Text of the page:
Southeastern Massachusetts Regional Emergency Communications Center

Project Info

Southeastern Massachusetts Regional Emergency Communications Center

Project Details

  • Foxborough, MA
  • 2020
  • 34,168 sf

SEMRECC RIBBON CUTTING ~ APRIL 16, 2021

After completion of the initial feasibility/space needs study, Kaestle Boos renovated a former AT&T longline communication site into the new communications center. The center not only utilizes a unique property well suited for communication but also rehabilitates a property that had become a nuisance for law enforcement and the Department of Conservation and Recreation as it sits within a state forest. The building is designed to address both the technical and social/emotional riggers associated with emergency communications. 

The District’s goals were to provide a modern, professional, safe and resilient but also healthy and calming work environment for the staff to optimally service the member communities. This state of the art communications center is surrounded by administrative, training, technology equipment, and recovery which were also requirements of the program. Built to allow for future expansion, the center opened with ten call-taking and dispatch positions but has infrastructure to accommodate up to 20 positions with only minor modifications.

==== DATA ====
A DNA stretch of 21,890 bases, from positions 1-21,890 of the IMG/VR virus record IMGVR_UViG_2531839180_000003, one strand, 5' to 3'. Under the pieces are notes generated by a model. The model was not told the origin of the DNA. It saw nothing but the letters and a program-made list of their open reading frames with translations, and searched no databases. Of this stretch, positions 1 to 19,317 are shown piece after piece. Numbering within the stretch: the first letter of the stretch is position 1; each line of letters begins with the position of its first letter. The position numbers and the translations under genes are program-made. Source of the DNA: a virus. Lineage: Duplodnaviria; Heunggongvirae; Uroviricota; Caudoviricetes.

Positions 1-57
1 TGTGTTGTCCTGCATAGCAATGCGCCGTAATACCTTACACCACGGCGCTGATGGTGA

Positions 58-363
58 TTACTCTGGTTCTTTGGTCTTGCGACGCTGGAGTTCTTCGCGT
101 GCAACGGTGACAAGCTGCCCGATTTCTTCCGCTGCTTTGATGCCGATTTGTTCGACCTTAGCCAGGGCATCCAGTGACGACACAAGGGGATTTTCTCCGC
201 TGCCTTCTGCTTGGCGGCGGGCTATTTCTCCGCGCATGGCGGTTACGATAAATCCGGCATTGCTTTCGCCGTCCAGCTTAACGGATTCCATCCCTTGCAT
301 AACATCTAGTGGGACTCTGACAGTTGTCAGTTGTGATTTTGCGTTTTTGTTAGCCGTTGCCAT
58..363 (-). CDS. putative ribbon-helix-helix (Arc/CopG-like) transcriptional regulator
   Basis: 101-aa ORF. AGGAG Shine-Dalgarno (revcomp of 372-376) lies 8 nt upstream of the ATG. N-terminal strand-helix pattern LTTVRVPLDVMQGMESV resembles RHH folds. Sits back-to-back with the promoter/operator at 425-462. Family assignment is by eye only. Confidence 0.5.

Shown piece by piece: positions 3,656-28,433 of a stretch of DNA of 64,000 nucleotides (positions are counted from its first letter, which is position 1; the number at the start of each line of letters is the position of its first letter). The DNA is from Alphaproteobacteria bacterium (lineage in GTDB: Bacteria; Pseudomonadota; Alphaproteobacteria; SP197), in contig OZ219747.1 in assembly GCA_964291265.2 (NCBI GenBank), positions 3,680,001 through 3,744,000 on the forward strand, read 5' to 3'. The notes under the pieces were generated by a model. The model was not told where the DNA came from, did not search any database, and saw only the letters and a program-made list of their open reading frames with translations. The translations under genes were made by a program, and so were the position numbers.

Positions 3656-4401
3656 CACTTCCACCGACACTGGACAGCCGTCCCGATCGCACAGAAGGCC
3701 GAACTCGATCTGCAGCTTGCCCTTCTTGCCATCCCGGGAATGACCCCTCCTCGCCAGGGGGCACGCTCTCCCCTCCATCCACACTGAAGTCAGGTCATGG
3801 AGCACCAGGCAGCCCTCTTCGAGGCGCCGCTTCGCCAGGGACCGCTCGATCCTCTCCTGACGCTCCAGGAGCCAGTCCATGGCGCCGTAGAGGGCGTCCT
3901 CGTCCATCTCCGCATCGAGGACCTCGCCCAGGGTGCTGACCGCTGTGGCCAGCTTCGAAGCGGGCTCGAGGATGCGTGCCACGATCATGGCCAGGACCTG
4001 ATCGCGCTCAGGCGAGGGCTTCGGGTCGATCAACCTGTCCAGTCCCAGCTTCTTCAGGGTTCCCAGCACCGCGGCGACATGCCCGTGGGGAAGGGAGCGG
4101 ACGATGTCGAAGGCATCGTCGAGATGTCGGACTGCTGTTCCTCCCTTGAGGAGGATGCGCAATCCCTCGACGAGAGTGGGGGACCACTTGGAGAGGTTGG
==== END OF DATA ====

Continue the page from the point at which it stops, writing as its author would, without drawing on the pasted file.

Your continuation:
The design takes cues from the original monolithic form but modernizes and refines it to reflect the new operations. Connecting  the building occupants with the surrounding natural landscape was a unique challenge. The original hardened structure made it necessary to create protected openings to bring in natural light, and afford some views. In the communications center, a large roof monitor was created, allowing for defuse northern light to illuminate the space, ensuring the natural and artificial lighting worked together to create an energy efficient “glare-free” work environment. Due to the remote location, domestic water treatment, fire protection water storage, and sewage disposal are all resolved on-site. 

Completed on time during the ongoing COVID-19 pandemic, the project was funded by a State 911 Department Regional Development Grant. 

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